July 24, 2007
During a debate about reoffending, Nick Hurd calls for the Government to examine and learn from the excellent work of the ‘Blue Sky’ initiative in Hillingdon.
Mr. Nick Hurd (Ruislip-Northwood) (Con): I am conscious of the fact that the Front Benchers wish to speak. I wish to add one small point to the debate and to take up the point made by my hon. Friend the Member for Arundel and South Downs (Nick Herbert). He pointed out that 50 per cent. of crime comes from reoffending. The evidence shows clearly that some basic things need to be provided to support people to turn away from that path. One is some accommodation to go to; another is some family support to tap into and the third is a job and some prospect of meaningful employment.
I recommend to the Minister that he takes some time to look at an initiative in my constituency introduced by Blue Sky. That initiative was set up by Mick May in partnership with Groundwork locally and it is supported by Hillingdon council. It is the only company in the country that insists on someone having a criminal record before entering its employment. It employs ex-cons basically to clean up and to green Hillingdon and to look after the parks. They are highly visible, making a contribution to the community. If the Minister were to talk to the people on that scheme, he would recognise how crucial to their lives those six months at Blue Sky are. One young man travels two hours a day to take part because he sees it as his lifeline at that crucial moment after he exited prison.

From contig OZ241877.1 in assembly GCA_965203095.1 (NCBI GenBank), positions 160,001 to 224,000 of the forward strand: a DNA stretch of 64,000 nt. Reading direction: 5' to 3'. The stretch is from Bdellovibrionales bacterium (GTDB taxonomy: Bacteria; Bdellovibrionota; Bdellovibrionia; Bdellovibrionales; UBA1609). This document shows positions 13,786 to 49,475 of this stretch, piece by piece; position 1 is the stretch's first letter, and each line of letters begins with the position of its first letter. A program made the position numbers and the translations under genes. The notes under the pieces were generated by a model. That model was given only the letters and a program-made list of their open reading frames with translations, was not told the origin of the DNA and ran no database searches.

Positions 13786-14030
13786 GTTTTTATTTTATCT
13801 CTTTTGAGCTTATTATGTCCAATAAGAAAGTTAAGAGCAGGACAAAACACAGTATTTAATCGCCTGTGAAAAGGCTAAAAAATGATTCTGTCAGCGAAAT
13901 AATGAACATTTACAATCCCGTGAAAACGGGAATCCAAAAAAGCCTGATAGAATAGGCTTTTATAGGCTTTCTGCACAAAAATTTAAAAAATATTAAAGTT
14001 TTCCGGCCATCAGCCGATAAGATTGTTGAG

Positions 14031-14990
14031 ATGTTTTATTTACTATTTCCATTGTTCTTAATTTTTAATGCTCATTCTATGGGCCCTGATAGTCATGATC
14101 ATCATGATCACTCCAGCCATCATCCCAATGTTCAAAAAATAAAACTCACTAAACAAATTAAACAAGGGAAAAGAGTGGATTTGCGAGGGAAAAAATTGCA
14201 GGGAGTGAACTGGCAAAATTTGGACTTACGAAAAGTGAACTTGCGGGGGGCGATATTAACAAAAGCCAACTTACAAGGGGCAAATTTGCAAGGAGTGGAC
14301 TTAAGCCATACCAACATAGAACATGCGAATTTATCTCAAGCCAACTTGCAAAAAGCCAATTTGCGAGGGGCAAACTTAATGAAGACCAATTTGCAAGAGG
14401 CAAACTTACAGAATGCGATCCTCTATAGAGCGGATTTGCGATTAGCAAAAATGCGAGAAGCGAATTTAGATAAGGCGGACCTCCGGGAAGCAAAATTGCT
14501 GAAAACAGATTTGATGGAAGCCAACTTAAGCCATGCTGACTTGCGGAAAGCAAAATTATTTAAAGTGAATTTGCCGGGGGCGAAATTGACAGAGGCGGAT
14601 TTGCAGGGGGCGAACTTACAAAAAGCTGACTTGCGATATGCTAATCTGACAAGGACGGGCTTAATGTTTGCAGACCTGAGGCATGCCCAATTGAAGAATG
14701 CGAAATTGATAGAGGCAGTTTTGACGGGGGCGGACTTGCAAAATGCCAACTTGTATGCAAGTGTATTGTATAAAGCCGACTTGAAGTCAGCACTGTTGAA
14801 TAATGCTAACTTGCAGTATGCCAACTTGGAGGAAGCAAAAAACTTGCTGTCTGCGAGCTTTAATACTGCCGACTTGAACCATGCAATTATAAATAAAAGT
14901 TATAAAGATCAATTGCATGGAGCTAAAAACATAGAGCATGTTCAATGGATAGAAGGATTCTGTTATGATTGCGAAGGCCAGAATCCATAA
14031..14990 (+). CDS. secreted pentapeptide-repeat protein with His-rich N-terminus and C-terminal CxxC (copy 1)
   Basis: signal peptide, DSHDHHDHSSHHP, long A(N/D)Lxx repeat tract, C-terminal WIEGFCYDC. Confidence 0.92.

Innovative voluntary projects such as that are making a huge difference, but the Government and the Prison Service, and the culture of “Not invented here” seem to be so resistant. We have to open our minds.
PREVIOUS INTERVENTION IN THE SAME DEBATE
Mr. Nick Hurd (Ruislip-Northwood) (Con): I am grateful to my hon. Friend for giving way when he is pressed for time. I could not agree more with the emphasis that he is placing on such activities. Does he share my complete bemusement as to why, given the importance of that agenda, the Government have dropped purposeful activity of a modest 24 hours a week in prison as a key performance indicator, a target that was met only once in eight years?
Mr. Malins: I agree. It is such a shame.
There we are: those people are locked up for most of the day, with virtually no sport, and very little education. It is a miracle that not everyone who comes out reoffends the next day and reoffends more. Lest I be thought to be a softie, I am not a softie because I can pass a tough sentence when I need to, but I am trying to be constructive, too.